I guess my background is a little bit more diverse… I grew up skateboarding , but I wasn’t just a skateboarder. I’m also grew up liking fashion, design, etc. So I was always doing all these things at the same time, instead of focusing 100% of your time on one thing–I didn’t really know what I wanted to do. But because of that, I bring all these different perspectives into SUPRA.

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You work very closely with Chad on designing SUPRA’s shoes. Can you describe the relationship in a nutshell?
So when I mentioned that I used to work at 413, Chad actually co-owned that store with Angel, so I had known Chad for a long time. But back then it was on more of a friend level. But I mean now we pretty much talk on the phone a couple of times a week, hang out depending on how busy we are, just to hang out and talk. But in terms of designing the shoe together, it kind of worked out perfect because we’re both exactly on the same level as far as what we wanted out of the shoe. We also look at a lot of the same inspiration references as well. So it all happened really easily in terms of collaborating with someone on making a shoe.

So when it comes down to the collaboration aspect of making this shoe, how much input is there between you guys and SUPRA as a whole?
That’s a hard question to answer as it’s all organic in the process. I know that Chad definitely knew what he wanted out of the shoe–he had a rough silhouette all ready. And there’s definitely certain elements with the new shoe that tie back to all of the previous Skytops, so that was important to him. But all in all, it’s good to be able to collaborate with someone that’s like minded, to where every time we both got involved, it was us coming together to literally make the best shoe that SUPRA’s ever made..

Speaking about the design of the shoe, Chad has gone through changes in his overall aesthetic approach, where he’s currently focusing on minimalism (less is more). Where do you stand on the minimalistic approach? Did you agree from the beginning, or was this something you both worked on to get to where you both are today?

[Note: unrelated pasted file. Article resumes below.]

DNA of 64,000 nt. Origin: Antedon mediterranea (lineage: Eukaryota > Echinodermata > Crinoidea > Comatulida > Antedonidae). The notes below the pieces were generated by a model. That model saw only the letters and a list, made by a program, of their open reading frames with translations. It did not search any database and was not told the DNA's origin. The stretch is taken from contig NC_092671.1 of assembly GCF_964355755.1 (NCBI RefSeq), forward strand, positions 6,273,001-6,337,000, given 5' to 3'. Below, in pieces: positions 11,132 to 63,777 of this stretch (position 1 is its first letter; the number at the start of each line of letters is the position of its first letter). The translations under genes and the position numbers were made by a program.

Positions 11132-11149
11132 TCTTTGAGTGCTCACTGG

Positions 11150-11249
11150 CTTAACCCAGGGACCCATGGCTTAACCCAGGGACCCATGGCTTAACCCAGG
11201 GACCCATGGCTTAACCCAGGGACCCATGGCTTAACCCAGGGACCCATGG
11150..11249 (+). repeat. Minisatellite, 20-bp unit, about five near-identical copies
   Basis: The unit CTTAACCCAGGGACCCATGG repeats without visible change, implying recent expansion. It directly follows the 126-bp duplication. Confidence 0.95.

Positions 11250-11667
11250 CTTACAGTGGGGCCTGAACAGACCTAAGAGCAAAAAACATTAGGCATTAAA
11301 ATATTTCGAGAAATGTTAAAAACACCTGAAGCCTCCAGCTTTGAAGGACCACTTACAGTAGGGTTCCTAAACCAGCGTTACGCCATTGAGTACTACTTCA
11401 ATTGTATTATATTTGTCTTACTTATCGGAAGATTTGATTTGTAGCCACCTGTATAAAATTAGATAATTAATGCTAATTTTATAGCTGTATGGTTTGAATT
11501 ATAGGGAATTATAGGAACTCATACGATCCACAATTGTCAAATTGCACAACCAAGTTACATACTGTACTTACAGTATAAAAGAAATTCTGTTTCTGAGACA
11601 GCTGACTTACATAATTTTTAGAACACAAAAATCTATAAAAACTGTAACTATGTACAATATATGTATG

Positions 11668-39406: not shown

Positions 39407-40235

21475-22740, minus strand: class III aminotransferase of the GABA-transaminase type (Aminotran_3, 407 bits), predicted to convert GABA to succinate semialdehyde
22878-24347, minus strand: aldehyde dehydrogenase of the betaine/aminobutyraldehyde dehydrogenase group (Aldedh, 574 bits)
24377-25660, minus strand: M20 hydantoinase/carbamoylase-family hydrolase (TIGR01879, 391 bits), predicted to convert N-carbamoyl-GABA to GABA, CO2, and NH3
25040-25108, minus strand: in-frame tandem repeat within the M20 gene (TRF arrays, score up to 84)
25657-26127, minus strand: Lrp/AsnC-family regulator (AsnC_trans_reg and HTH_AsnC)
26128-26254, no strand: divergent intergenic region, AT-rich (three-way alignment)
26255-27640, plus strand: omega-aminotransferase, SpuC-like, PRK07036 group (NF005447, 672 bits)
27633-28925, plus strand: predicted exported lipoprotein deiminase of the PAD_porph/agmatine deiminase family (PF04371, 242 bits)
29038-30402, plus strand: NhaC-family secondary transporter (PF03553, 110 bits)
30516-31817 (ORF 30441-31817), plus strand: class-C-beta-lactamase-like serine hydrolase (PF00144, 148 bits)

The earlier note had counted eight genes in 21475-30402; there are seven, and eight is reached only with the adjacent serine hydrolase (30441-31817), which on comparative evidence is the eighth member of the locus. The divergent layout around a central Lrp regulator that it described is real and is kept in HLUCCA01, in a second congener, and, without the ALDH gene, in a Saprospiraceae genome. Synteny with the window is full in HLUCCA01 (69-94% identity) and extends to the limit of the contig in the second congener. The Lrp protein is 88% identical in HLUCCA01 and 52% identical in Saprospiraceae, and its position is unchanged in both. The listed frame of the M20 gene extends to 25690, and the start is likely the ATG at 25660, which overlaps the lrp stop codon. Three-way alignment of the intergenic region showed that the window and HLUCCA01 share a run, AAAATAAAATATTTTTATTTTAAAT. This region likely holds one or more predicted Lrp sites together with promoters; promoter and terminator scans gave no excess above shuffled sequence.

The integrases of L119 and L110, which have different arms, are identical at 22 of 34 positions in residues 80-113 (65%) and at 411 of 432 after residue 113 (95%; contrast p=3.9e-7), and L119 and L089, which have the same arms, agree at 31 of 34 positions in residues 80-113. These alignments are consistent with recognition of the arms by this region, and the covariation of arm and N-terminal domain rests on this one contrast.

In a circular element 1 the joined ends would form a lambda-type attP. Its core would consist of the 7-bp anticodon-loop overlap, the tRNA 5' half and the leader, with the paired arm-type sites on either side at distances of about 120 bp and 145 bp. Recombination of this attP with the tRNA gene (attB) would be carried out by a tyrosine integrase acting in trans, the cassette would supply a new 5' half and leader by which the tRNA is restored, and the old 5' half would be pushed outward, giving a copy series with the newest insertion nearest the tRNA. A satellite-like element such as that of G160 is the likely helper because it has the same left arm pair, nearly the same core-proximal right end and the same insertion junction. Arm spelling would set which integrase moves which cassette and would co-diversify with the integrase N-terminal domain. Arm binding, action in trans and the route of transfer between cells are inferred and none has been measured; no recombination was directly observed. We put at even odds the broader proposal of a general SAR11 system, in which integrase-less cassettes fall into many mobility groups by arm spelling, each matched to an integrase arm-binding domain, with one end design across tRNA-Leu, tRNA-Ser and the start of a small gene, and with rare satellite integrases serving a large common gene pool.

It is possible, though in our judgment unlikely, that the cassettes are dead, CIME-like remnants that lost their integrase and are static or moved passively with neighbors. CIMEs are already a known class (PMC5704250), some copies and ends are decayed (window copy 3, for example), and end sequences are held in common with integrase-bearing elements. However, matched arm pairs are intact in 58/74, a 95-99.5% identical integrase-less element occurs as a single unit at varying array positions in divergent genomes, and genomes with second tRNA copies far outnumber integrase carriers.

Well I guess from the beginning, in terms of the design aspect, if you look at the shoe, you’ll actually notice that there are so many different layers to it. To start out, we really wanted to do something that was a lot more tonal, and let all those layers speak for themselves. There’s so many different textures and parts to the shoe, to where we experimented with colorblocking and other special executions, but the initial thought behind it being more tonal was where we were hoping people would pick up the shoe up and figure the design out for themselves. I mean, there’s at least 15 different parts on the upper alone that you could color. We wanted people to learn that themselves instead of pushing that aspect on to them.

“At the end of the day, it was us incorporating everything that SUPRA has done over the last 10 years, and putting it all into one shoe.”

So you mentioned that the goal for the Skytop V was to create the best model yet. Can you describe what that company meeting was like when that agenda was announced?
To be honest, and obviously SUPRA had to give Chad and I the blessing to go forward with designing this, but it was more of a passion project for us. So as far as getting a brief or telling us what they wanted us to do, it was more us telling them what we need as a company. But at the end of the day, it was us incorporating everything that SUPRA has done over the last 10 years, and putting it all into one shoe and being like, this is where the future is, and it’s almost like the start of the next generation of SUPRA.

What about the moodboard for the shoe? What did that look like?
There was a lot of us trying to marry the mentality of skate shoes in the ‘90s–as far as TPU pieces and being heavily layered–and mixing it with this running lifestyle thing that’s happening right now. So it was like, what if those two had a baby, what would that look like in the future.

Lastly, where does one go from here? From always trying to create the best/better model than the previous, how do you envision making something better than the Skytop V?
That’s a hard question, and I couldn’t give you an answer right now, but as a designer, that’s something that on one hand you have something that you’re super proud of. Something that you feel is the best that you could do at that time. But on the other hand I now have to look six months down the road and ask myself what I can do to top that. I mean it took so much time to develop the Skytop V that there’s so many things that we have taken away from it. So I’m curious myself to see what happens next!